Ethylene production in Botrytis cinerea- and oligogalacturonide-induced immunity requires calcium-dependent protein kinases.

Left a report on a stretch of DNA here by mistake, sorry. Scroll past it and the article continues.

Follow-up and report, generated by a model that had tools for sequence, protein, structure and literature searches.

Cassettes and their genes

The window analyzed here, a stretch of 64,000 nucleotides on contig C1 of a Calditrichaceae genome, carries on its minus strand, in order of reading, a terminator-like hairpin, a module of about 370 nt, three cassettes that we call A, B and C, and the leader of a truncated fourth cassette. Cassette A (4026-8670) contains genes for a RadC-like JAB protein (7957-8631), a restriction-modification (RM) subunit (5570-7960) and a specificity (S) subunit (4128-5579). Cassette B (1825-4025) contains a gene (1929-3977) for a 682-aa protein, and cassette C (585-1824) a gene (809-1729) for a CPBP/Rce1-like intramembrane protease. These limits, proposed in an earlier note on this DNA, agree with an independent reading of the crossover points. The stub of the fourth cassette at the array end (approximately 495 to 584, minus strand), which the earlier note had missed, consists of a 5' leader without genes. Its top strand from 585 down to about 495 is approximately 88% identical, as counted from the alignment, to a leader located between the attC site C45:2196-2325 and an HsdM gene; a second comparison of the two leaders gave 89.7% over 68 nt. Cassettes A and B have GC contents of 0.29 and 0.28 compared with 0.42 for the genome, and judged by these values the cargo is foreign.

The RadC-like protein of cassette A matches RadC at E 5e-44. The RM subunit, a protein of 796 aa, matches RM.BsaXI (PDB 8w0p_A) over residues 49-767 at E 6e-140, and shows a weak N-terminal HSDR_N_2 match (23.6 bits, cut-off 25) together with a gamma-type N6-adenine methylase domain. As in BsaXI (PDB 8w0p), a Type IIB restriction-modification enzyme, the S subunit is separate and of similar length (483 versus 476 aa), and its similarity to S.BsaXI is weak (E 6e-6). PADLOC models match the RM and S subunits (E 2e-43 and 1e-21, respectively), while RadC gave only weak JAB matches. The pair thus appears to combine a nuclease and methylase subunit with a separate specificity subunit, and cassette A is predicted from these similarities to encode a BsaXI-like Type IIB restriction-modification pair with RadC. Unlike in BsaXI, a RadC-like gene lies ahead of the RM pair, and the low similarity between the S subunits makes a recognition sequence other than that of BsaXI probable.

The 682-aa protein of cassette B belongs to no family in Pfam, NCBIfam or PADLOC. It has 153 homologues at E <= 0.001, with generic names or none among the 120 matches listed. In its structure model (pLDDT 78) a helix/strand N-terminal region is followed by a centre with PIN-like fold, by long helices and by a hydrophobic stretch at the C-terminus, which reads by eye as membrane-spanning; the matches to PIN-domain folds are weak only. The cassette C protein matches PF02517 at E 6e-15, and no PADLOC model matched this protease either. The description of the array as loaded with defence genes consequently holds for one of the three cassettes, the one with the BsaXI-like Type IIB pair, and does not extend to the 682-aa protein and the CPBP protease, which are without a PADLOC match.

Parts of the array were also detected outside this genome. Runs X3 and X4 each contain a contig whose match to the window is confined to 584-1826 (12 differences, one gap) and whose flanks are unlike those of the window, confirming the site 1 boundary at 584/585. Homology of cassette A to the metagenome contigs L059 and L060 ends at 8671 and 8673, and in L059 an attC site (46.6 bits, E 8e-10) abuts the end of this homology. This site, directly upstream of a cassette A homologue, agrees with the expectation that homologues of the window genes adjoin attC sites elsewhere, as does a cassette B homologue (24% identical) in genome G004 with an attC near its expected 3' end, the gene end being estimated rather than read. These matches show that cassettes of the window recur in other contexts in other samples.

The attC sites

Plant immunity against pathogens is achieved through rapid activation of defense responses that occur upon sensing of microbe- or damage-associated molecular patterns, respectively referred to as MAMPs and DAMPs. Oligogalacturonides (OGs), linear fragments derived from homogalacturonan hydrolysis by pathogen-secreted cell wall-degrading enzymes, and flg22, a 22-amino acid peptide derived from the bacterial flagellin, represent prototypical DAMPs and MAMPs, respectively. Both types of molecules induce protection against infections. In plants, like in animals, calcium is a second messenger that mediates responses to biotic stresses by activating calcium-binding proteins. Here we show that simultaneous loss of calcium-dependent protein kinases CPK5, CPK6 and CPK11 affects Arabidopsis thaliana basal as well as elicitor- induced resistance to the necrotroph Botrytis cinerea, by affecting pathogen-induced ethylene production and accumulation of the ethylene biosynthetic enzymes 1-aminocyclopropane-1-carboxylic acid (ACC) synthase 2 (ACS2) and 6 (ACS6). Moreover, ethylene signaling contributes to OG-triggered immunity activation, and lack of CPK5, CPK6 and CPK11 affects the duration of OG- and flg22-induced gene expression, indicating that these kinases are shared elements of both DAMP and MAMP signaling pathways.